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Gov. Youngkin tours minority-owned businesses at Patrick Henry Mall

By Chris Horne,


NEWPORT NEWS, Va. (WAVY) – While many indoor shopping malls are dying off, Gov. Glenn Youngkin (R) sees potential in the Patrick Henry Mall for the future.

“This mall is like an incubator, it is like an accelerator,” Youngkin said Thursday afternoon, during a tour coordinated by Newport News Commissioner of the Revenue Tiffany Boyle to mark Black Business Month.

On a national level about one in 10 businesses are minority owned. Management says more than half of the local businesses here in Patrick Henry are owned by minorities, and the mall is thriving, not just surviving, at a time when indoor malls are largely dying.

Youngkin got a firsthand look. He stopped at Lina Guede’s Thread Impressions. She has been a merchant here for more than 20 years and this is her second business.

“I’m glad because he can see what we really do. It’s a local business, all minority-owned, so he knows what we are doing, working every day so hard making it happen,” she said.

Youngkin then wove his way through shoppers to get to City On My Chest. The T-shirt and apparel store was the dream of Newport News native and former NFL scout Tommy Reamon, Jr.

Youngkin says he sees a greater sense of community here than in other malls.

“I think there’s something special here. and what you hear (about) the success factor from these businesses is ‘the mall’,” Youngkin said.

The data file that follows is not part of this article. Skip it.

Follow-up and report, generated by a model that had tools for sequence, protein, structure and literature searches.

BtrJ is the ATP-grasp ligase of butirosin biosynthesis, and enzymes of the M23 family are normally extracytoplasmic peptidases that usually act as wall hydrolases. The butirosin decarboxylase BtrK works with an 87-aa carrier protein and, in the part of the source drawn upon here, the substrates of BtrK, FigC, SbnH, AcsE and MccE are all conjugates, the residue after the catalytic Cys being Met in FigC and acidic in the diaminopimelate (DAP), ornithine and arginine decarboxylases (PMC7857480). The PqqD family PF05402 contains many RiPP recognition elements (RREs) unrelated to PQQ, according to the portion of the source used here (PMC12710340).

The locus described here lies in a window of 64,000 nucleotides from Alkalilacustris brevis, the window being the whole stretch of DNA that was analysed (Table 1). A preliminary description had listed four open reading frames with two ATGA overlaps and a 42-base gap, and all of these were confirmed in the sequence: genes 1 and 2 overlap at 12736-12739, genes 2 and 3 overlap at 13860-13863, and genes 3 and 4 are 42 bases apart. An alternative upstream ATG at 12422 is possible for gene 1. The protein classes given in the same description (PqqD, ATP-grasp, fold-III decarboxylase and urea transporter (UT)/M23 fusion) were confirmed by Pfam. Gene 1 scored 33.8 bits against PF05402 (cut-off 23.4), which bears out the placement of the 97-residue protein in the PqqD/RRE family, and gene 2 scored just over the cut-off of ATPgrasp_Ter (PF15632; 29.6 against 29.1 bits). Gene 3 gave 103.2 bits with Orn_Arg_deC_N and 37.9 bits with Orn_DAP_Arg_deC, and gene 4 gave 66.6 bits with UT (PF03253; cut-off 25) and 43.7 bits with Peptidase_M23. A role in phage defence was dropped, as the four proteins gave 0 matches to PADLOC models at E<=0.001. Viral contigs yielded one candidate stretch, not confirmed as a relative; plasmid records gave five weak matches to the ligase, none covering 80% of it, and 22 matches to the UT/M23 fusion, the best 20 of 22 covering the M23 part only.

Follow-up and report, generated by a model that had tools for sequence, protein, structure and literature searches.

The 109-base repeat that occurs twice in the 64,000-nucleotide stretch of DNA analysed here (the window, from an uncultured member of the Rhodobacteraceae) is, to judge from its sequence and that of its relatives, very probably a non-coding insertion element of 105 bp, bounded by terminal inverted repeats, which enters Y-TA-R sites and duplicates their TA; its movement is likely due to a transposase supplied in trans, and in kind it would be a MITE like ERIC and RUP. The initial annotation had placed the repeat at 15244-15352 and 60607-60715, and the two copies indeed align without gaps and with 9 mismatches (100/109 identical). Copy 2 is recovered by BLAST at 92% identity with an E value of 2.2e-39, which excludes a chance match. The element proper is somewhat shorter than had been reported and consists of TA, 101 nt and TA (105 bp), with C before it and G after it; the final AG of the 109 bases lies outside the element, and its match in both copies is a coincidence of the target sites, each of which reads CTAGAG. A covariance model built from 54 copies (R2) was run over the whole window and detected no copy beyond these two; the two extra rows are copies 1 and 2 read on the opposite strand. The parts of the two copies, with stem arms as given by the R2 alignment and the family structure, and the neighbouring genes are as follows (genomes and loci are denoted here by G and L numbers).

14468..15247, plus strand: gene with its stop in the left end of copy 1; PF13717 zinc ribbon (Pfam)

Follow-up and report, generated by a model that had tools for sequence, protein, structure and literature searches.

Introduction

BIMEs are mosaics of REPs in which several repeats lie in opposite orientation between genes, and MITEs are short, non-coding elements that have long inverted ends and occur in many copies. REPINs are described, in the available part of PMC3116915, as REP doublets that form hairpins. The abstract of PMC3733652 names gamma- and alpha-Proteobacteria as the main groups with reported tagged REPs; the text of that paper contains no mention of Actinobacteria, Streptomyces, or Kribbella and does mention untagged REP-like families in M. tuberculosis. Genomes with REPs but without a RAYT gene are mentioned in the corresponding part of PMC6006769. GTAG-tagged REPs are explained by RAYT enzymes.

But the merchants here want Youngkin to know that while they’re making a go of it in today’s economy, they can’t go it alone.

“I can use help with how to expand my business, and with different resources that might be available for a small minority business,” said Yvette Robinson, owner of Mere Words and Experessions, specializing in African and African-American art and other furnishings. She said finding capital is difficult, and “the pandemic was not very friendly to us”.

Youngkin says he’s listening.

“One of the things that I’ll go back and really work on is how do we in fact work with local capital accumulation with potentially some support from the state, and figure out how we can make access to capital a little easier.”

The governor said he’s heard stories about entrepreneurs maxing out their credit cards to launch their businesses.

“We can do better than that,” Youngkin said.

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